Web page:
- Educational Benefits: Many BPO companies have this policy to develop the personality and knowledge level of their employees and hence reimburses the expenses incurred towards tuition fees, examination fees, and purchase of books subject, for pursuing MBA, and/or other management qualification at India's top most Business Schools.

- Performance based incentives: In many BPO companies they have plans for , performance based incentive scheme. The parameters for calculation are process performance i.e. speed, accuracy and productivity of each process. The Pay for Performance can be as much as 22% of the salary.

- Flexi-time: The main objective of the flextime policy is to provide opportunity to employees to work with flexible work schedules and set out conditions for availing this provision. Flexible work schedules are initiated by employees and approved by management to meet business commitments while supporting employee personal life needs .The factors on which Flexi time is allowed to an employee include: Child or Parent care, Health situation, Maternity, Formal education program.

- Flexible Salary Benefits: Its main objective is to provide flexibility to the employees to plan a tax-effective compensation structure by balancing the monthly net income, yearly benefits and income tax payable. It is applicable of all the employees of the organization. The Salary consists of Basic, DA and Conveyance Allowance. The Flexible Benefit Plan consists of: House Rent Allowance, Leave Travel Assistance, Medical Reimbursement, Special Allowance

- Regular Get together and other cultural programs: The companies organizes cultural program as and when possible but most of the times, once in a quarter, in which all the employees are given an opportunity to display their talents in dramatics, singing, acting, dancing etc. Apart from that the organizations also conduct various sports programs such as Cricket, football, etc and regularly play matches with the teams of other organizations and colleges.

- Wedding Day Gift: Employee is given a gift voucher of Rs. 2000/- to Rs. 7000/- based on their level in the organization.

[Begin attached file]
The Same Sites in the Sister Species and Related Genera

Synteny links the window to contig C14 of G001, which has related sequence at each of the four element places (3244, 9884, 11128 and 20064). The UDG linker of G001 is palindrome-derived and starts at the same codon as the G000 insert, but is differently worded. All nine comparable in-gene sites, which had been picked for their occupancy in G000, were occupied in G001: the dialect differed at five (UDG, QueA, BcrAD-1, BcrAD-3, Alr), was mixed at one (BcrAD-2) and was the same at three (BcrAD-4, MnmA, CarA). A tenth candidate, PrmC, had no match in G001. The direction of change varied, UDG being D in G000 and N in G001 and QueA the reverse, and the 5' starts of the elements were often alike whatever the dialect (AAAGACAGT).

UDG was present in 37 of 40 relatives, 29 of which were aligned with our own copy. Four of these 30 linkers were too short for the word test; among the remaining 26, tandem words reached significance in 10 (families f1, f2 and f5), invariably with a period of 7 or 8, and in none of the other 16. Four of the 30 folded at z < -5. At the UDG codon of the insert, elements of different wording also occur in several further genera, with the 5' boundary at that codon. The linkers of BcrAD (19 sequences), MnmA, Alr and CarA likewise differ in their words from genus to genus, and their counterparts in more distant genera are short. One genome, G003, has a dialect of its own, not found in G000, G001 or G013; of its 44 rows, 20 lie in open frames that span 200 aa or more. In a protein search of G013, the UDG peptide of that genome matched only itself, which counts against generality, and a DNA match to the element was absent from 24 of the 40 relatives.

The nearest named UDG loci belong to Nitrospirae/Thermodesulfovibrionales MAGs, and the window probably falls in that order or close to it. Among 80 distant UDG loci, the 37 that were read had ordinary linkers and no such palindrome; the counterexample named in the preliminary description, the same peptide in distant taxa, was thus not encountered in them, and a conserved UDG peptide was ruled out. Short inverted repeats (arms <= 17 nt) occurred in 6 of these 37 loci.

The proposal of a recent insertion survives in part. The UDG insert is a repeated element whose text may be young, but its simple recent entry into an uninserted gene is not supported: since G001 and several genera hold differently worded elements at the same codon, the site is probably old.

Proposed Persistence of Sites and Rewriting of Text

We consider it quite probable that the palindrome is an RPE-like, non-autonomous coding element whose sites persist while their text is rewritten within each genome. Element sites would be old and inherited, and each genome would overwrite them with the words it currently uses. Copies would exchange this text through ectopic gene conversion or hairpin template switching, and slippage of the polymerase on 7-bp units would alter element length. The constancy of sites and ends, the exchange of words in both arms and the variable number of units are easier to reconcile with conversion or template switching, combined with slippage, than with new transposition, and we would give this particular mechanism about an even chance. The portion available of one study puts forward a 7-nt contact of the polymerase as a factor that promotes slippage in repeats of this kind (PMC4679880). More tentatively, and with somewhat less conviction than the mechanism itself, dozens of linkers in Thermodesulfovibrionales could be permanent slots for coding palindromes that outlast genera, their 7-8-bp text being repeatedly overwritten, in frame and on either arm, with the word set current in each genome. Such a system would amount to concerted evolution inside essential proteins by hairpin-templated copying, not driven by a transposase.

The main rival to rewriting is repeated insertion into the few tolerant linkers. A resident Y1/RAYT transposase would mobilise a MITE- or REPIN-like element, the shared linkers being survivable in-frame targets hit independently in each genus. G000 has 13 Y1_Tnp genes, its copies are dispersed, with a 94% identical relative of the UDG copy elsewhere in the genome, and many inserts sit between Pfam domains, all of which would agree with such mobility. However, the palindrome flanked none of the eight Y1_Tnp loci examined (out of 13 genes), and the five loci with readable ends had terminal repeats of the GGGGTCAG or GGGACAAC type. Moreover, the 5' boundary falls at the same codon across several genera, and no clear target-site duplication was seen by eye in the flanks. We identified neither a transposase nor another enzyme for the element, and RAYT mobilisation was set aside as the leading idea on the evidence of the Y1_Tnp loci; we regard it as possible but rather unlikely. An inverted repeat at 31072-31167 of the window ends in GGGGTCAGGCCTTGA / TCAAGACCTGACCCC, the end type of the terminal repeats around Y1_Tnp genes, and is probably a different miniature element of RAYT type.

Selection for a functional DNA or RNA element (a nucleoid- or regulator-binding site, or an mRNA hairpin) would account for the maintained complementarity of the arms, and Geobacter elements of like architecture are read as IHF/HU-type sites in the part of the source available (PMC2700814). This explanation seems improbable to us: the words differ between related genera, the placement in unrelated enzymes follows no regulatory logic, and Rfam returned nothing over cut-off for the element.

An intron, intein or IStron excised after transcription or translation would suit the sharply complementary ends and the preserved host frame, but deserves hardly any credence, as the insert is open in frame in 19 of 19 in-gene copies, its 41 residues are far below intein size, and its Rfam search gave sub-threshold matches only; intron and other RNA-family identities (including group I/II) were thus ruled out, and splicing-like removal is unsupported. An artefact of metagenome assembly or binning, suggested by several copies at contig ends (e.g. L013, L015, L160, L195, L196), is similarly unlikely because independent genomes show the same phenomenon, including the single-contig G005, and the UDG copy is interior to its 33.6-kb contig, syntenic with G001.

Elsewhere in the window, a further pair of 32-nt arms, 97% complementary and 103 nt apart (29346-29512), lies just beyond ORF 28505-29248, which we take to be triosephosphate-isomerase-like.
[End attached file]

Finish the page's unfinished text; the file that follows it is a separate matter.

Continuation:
- Employee Referral Scheme: In several companies employee referral scheme is implemented to encourage employees to refer friends and relatives for employment in the organization.

- Paid Days Off

- Maternity Leave

- Employee Stock Option Plan

Inspite of all these benefits, the attrition rate in BPO industry is very high, why?. What is the reason for an employee to leave? These and many more are the questions that need immediate attention from the industrial gurus. Why people prefer to join BPO's? In general a person with any graduation can join any of the BPO. Some BPO's like to take people with MBA but then again the specialization are of an individual hardly makes any difference. Again, this is the industry, where there is no reference checks and very often people don't even specify there exact age. Lets me share with you some of the reasons as why people prefer to join a BPO:

1. Did not get a better job.

2. Find nothing better to do.

3. Education level doesn't matter

4. Good work environment

5. Good Benefits

6. Flexibility of time

7. Attractive life style

8. Transport facility

Why people leave the BPO's? When there are so many benefits associated with BPO industry�.when there are so many privileges for the BPO employees than what makes them to change the company/industry?? Is it only MONEY that matters or anything else as well?? Here are some of the reasons for a BPO professional to change his/her job.

1. No growth opportunity/lack of promotion

2. For higher Salary

3. For Higher education

4. Misguidance by the company

5. Policies and procedures are not conducive

6. No personal life

7. Physical strains

8. Uneasy relationship with peers or managers

From India, Ahmadabad
In the software and services space, the role of the Indian BPO industry is going to get relatively important over time. This is because the software services industry is about three times larger than the BPO industry and is growing at a significantly slower pace (around 30 per cent, compared to 40 per cent for BPO) already.

So it is the BPO industry which will have to carry the can, in terms of the growth rate, in the run-up to 2008, by which time India has targeted for itself exports of $50 billion, compared to $17 billion in 2004-05.

Against this tall order, the good news is three-fold for the BPO industry. First, these are still early days. Despite the consolidation that has taken place through several high-profile M&A deals last year, the top 20 players' market share has remained the same.

Everybody, the big, who are global class in quality, and the small, some of whom are not, is growing at a very rapid rate (BPO exports grew 44.4 per cent in 2004-05). So there is good scope for further rapid growth.